Gypsy Flag

Why so many colors in the new poster for Escuela de Ritmo?

The poster, designed by Luis de La Tota was inspired by the Gypsy Flag of Spain (La Bandera Gitana).

Descending from a long line of Gypsy ancestry, Luis feels a strong connection to this flag

The colors are celeste which represents the sky los cielos,

green which represents the earth la tierra

and the red wheel represents the wheel of the Gypsy Caravan.

The Gypsies and Flamenco

What does the Gypsy flag have to do with Flamenco? Although Flamenco is considered the music of Andalusia, the Gypsies of Southern Spain have long since been recognized for adopting and keeping alive the art form, passing it down orally generation to generation inside their families.

Earthy Green and Sky Blue….the the flag symbolizes for me

Having a strong interest in gardening and sustainable living, I’ve always been a person that loves to be outside. Nature has always accented my good times giving a soft reassuring glow to the world I live in, and I’ve always looked to nature for help in my harder times, finding comfort when I  notice how the tiniest little green leaves of life seem to sprout up in between the cracks of oppressive gray concrete in the cities I’ve passed thru. Life always finds a way, and nature always proves as a perfect example of triumph thru grace in adversity.

Many of Flamenco’s verses connect nature and humanity, here is one of my favorite letras sung by Joselero de Moron

Soy arroyo y no me enturbio

aunque me caiga una tormenta

Ay aunque me caiga una tormenta

me mantengo claro como el agua entre dos piedras

 I am a creek and I don’t cloud

even if a storm falls upon me

even if a storm falls upon me

I remain as clear as the water that flows between two rocks

Red Wheel and Freedom

For me, the red wheel of the Gypsy flag, represents the vehicle Flamenco provides to emotional and physical freedom in my life.

Like most people, I discovered Flamenco because of the element of dance. The Flamenco body is unique in that it embraces us all, men and women alike as we are. Flamenco places more importance on the grace and compás the dancers carry rather than if the dancer is skinny or curvy. The dancer has freedom thru improvisation and we can keep our bodies as nature intended.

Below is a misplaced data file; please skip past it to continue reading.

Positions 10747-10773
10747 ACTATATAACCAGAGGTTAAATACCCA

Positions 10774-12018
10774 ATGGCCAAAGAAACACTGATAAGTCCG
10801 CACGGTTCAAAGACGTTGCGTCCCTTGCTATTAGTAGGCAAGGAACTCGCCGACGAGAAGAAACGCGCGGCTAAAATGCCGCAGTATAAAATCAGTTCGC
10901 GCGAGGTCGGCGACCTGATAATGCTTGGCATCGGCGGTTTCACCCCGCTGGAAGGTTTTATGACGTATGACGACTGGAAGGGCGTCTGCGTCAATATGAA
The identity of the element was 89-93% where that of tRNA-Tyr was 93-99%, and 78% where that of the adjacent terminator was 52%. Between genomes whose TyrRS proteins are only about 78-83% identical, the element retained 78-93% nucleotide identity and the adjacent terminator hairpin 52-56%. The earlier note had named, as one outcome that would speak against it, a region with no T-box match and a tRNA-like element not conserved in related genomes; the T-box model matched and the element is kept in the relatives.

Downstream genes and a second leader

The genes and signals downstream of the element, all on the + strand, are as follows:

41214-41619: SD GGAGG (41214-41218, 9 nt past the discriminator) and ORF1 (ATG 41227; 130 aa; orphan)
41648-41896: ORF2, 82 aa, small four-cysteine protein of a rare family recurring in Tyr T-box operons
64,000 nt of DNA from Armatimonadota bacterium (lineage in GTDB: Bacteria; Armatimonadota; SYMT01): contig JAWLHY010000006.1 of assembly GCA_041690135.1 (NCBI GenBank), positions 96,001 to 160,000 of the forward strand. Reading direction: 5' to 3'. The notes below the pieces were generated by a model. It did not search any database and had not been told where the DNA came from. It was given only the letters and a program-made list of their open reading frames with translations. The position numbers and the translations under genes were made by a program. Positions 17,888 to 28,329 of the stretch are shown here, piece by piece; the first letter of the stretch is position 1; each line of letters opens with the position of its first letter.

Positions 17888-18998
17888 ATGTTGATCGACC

It wasn’t until after the suggestion of my first dance Maestra that I began paying more attention to the Flamenco singing. It can be challenging to discover the beauty and meaning of the cante (singing).  Most of the time, because of the language barrier, it’s hard to feel a verbal connection to Flamenco music. The verses are sung in Andalusian Spanish and in partial Caló (the language of the Gypsies) making interpretation tricky.

The Flamenco voice can also be difficult to adjust one’s ear to. To many of us the flamenco singer sounds as if she is constantly crying. We don’t understand that much of the time the grittiness of flamenco music lies not so much in what seems to be crying but deep emotional expression. Because crying isn’t always for sadness, we cry for extreme joy, and when we laugh too many of you out there have turned to look at someone you thought might be crying and it turns out that they are just truly laughing or vise versa? It seems to me that in a world where emotions are free to roam, joy and sadness would grow side by side in the same patch of green earth and it might be difficult to distinguish the two at first glance, you’d have to take a second look.

Expressing our emotions is something we learn to do. For some it comes easy, others not so much. Looking at the red wheel that connects two symbols of nature in the Gypsy flag, the blue sky and green earth,  I think of how flamenco has given us the freedom to let our celestial emotions and our earthbound bodies merge and express who we are as beautiful people.  Written by Estefanía Sanchez

To learn more about Flamenco dance and rhythms,

join us every Monday and Wednesday 6: 30 pm at La Escuela de Ritmo, Boise ID

See classes tab for details.

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